Pretty much everyone now acknowledges that the federal budget process is broken. And in the budget bill signed in February, Congress itself acknowledged this and created a special, bicameral committee to consider changes to the budget process.
The committee, known as the Joint Select Committee on Budget and Appropriations Process Reform, consists of eight senators and eight members of the House, equally divided between the two parties. It is required to report out some recommendations for budget reform by the end of this month, and members began a public markup of those recommendations earlier this week.
The rules under which the committee is required to work mean that it was never likely to produce dramatic reforms. In order to be included in the bill the committee presents to the larger Congress, a recommendation has to garner at least five Republican and five Democratic votes, and that means very few ideas will make it.
Still, budget reformers have had some hope that, by at least compelling some bipartisan discussion of key problems with the budget process, the committee could be the start of some meaningful improvements to come. It could well be that, but it is certainly looking like a slow start for now. The only significant recommendation in the bill put forward by the co-chairs of the committee is that Congress move to biennial budgeting in place of the annual budget process required by law today.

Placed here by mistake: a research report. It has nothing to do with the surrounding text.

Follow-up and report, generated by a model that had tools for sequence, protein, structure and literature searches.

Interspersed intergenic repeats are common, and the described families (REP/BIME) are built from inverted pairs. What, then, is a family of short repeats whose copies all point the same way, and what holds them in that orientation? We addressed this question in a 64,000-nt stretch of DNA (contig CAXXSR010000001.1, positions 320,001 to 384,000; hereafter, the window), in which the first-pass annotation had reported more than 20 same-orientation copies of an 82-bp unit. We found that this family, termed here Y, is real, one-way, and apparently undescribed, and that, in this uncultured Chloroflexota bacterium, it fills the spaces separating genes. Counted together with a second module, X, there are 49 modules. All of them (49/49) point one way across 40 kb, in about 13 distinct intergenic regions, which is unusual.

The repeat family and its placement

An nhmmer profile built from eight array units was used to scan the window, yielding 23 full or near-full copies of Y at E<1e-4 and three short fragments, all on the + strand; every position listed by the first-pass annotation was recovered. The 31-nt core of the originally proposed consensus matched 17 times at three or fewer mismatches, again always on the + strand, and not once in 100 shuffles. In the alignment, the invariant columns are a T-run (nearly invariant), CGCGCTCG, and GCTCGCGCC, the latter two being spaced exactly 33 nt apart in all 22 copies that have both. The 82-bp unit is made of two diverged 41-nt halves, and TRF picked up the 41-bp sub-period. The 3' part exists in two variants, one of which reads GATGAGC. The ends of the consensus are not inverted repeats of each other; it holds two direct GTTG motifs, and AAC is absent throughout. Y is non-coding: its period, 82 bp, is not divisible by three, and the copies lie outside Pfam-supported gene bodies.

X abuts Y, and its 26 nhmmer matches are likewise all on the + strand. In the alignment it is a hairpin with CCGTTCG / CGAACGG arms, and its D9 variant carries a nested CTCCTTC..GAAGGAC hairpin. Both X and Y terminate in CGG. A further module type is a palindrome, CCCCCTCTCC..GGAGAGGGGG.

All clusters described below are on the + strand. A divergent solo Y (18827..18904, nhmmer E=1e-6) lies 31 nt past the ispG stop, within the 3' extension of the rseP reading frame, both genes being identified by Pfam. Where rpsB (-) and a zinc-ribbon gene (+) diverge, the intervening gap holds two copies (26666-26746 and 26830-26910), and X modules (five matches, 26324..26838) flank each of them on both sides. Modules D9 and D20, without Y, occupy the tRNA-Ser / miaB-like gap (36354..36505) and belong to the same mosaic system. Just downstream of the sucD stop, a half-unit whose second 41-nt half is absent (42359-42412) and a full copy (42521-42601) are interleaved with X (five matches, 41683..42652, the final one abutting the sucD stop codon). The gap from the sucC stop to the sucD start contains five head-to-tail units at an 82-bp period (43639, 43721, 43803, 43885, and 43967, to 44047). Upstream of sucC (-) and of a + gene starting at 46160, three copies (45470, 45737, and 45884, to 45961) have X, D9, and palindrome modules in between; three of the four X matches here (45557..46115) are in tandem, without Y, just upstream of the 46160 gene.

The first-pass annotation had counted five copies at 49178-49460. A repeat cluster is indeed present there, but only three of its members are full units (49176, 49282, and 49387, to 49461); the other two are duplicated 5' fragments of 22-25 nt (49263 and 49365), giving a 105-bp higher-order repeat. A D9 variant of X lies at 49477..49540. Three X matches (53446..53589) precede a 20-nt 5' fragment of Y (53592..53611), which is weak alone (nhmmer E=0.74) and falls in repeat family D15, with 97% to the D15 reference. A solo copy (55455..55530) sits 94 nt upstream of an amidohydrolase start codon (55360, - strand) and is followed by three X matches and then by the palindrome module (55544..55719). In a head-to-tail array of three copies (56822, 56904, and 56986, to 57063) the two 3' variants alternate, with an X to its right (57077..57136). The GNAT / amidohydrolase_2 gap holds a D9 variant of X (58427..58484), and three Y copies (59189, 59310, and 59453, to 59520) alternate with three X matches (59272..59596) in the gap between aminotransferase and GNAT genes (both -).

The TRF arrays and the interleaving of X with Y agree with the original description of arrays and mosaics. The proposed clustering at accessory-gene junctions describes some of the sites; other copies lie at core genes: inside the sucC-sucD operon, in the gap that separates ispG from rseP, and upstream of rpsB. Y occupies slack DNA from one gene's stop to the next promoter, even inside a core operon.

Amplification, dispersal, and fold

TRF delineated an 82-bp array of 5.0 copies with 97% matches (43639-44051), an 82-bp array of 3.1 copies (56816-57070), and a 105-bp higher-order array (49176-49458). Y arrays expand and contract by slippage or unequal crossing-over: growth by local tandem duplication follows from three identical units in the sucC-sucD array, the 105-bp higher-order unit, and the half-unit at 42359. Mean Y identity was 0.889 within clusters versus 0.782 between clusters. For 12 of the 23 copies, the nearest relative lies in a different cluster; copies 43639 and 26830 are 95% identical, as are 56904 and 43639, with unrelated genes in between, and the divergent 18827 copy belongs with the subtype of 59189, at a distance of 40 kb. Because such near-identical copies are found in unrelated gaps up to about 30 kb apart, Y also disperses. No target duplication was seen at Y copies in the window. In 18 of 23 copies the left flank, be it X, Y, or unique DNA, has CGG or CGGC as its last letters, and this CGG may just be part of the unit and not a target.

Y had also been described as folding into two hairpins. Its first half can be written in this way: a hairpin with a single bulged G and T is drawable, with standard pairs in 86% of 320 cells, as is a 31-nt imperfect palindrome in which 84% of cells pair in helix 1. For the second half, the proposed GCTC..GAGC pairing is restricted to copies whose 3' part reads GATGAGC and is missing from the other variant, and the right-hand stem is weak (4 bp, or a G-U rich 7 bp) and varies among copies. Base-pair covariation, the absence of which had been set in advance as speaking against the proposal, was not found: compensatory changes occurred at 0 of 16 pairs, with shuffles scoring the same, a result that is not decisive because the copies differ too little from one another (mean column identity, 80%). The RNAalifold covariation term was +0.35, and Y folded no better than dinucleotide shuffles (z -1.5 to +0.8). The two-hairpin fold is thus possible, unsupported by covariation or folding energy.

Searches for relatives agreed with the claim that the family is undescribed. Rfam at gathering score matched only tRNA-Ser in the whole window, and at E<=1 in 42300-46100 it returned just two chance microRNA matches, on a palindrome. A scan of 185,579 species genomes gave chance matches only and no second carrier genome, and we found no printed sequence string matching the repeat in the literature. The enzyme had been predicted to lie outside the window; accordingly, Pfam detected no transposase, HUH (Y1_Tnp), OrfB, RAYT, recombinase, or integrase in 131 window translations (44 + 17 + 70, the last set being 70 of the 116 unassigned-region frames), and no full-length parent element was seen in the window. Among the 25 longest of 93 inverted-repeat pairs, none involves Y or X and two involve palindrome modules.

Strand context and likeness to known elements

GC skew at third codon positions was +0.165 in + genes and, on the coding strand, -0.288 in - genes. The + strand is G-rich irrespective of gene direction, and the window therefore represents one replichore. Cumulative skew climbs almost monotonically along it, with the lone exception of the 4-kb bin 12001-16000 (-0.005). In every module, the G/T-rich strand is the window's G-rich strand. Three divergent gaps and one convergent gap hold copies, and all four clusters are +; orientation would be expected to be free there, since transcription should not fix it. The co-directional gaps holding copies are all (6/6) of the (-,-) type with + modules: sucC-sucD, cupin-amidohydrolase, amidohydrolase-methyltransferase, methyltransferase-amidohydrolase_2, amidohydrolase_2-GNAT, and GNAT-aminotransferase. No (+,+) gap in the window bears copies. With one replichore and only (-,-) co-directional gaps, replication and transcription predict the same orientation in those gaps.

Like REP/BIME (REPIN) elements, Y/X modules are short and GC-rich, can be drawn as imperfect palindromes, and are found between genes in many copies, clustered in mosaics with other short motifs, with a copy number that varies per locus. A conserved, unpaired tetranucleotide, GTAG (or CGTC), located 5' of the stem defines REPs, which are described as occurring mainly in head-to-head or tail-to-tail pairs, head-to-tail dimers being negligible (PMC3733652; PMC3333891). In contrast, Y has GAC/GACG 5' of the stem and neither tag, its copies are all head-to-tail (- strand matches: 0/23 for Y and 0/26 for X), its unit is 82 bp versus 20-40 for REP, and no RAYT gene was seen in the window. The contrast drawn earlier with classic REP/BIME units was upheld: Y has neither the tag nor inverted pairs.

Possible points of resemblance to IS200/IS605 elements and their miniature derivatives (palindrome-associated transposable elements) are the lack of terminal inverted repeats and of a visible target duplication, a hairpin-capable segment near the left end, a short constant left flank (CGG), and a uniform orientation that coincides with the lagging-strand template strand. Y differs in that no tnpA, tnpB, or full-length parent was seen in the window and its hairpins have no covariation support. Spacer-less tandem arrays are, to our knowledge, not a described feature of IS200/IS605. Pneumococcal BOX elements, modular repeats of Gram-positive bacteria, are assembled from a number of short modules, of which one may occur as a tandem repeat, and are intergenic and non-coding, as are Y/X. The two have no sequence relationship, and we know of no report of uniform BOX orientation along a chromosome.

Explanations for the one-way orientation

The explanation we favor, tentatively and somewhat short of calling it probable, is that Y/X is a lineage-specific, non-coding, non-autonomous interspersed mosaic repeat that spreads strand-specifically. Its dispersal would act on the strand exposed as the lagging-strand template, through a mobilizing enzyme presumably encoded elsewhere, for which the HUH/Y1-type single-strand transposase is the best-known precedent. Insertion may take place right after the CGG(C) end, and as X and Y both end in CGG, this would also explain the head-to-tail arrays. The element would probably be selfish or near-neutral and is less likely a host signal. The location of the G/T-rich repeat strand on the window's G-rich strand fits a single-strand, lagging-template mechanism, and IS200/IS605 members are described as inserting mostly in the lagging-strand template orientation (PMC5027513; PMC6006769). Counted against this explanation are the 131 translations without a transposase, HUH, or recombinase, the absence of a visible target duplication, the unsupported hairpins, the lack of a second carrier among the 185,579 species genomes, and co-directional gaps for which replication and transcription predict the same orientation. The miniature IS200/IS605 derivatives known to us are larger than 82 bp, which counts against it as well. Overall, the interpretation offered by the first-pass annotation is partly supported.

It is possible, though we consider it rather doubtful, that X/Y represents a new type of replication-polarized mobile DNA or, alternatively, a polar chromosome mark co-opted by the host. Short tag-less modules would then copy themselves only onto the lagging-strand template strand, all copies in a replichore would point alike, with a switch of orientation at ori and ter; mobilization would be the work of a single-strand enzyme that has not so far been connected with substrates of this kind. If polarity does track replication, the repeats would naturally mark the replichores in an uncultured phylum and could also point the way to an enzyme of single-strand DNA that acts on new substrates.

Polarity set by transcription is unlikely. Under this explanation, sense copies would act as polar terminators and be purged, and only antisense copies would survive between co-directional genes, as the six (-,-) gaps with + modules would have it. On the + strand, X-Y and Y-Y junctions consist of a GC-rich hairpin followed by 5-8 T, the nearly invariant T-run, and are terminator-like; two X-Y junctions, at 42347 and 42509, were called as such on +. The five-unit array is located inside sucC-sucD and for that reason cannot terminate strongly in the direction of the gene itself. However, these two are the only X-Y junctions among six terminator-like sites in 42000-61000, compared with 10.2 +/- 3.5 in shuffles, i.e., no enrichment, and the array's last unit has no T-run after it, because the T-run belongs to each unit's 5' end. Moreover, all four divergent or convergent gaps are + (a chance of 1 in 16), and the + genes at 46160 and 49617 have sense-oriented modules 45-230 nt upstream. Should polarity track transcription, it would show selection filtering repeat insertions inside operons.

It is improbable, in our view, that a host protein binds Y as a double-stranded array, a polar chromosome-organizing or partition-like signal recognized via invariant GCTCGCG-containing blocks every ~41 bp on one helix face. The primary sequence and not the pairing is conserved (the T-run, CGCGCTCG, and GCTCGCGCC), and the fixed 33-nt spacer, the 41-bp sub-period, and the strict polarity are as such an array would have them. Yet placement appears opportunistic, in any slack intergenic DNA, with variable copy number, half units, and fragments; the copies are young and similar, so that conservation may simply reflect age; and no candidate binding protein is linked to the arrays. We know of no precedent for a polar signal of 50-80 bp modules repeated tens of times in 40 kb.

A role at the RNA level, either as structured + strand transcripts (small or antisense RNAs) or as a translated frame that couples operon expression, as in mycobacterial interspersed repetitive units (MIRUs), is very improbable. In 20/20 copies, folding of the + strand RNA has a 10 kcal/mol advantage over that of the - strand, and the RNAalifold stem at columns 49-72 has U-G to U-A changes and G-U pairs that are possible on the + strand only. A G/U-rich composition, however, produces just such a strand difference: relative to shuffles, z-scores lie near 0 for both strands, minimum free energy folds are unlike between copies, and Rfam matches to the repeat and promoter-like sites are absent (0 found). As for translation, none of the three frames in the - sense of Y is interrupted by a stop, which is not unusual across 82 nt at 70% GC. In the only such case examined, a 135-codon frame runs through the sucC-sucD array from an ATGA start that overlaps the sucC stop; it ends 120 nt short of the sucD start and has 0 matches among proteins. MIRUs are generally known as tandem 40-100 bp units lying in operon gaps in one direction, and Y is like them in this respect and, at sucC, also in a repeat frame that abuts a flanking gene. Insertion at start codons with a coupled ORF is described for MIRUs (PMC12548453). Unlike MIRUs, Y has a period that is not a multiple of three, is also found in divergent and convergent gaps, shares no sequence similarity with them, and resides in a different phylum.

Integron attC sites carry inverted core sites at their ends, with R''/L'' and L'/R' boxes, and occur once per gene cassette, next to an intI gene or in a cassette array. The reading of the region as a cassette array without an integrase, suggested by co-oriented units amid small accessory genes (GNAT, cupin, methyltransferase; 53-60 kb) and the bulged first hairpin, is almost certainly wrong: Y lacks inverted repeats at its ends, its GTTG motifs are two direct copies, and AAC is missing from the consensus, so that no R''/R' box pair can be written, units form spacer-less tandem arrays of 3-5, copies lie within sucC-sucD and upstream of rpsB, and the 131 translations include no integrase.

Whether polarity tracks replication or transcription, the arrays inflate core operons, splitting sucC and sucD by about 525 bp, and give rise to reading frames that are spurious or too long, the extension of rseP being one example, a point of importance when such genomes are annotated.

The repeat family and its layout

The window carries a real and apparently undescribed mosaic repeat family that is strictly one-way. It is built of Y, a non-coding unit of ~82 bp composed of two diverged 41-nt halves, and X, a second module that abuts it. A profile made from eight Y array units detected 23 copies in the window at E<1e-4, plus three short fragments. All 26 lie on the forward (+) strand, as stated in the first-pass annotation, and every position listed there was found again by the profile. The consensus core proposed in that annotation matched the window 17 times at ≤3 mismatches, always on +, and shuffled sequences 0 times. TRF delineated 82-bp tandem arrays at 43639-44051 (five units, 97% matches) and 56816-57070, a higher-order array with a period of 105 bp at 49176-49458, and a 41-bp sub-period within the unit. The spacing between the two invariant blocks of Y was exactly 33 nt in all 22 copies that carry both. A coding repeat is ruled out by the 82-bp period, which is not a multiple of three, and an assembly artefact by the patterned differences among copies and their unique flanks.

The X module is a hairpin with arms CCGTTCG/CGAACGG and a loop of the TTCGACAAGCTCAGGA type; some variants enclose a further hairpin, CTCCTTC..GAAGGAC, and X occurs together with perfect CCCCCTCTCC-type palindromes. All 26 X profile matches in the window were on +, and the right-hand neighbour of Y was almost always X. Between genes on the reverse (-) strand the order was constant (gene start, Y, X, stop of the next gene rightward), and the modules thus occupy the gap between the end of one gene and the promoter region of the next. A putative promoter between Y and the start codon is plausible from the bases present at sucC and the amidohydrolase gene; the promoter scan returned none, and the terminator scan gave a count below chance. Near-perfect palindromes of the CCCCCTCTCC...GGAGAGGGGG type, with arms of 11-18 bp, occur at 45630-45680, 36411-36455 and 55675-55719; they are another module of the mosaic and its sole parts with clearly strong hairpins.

Two-year budgeting is not a significant budget reform. For one thing, Congress already does it pretty routinely. The budget resolution passed earlier this year, as well as those in 2013 and 2015, included a two-year appropriations framework. It’s not crazy for Congress to formalize what it already does informally, but neither does it make sense to call that a transformative idea. And there are certainly some real drawbacks to such budgeting, which often just ends up yielding more and bigger supplemental spending packages beyond the normal appropriations bills.
The special committee’s markup process, which began this week and will continue on Tuesday, has so far resulted in three amendments being added to the committee’s reform proposals: One would tinker slightly with the membership structure of the Senate Budget Committee; another clarifies that Congress can still pursue a reconciliation process each year even if it adopts biennial budgeting; and a third creates the option of a special “bipartisan budget resolution” in the Senate. These, too, are very modest ideas.
This modesty is understandable, especially given the structural constraints of this committee. But we should hope that this process shakes loose some greater will for a bigger transformation of the budget and appropriations process. Budgeting is central to what Congress does, and the dysfunction of the budget process is now central to the broader dysfunction of the Congress. In past eras of dysfunction, fundamental budget reform has been essential to reinvigorating Congress and reasserting its authority.
A bolder reform agenda geared to making Congress stronger could try to make the budget process more like legislative work (divided into small, discrete, concrete steps that call for bargaining over particulars) and less like executive work (consolidated into a single, large decision that calls for unity around abstractions). That would mean rethinking elements of the committee system, the work of “scorekeepers” (like the Congressional Budget Office), and even the distinction between authorizing and appropriating that now too often separates policy priorities from budgeting.
Those kinds of ideas aren’t going to come from this special committee. But hopefully its work could help to build the will required to think bigger.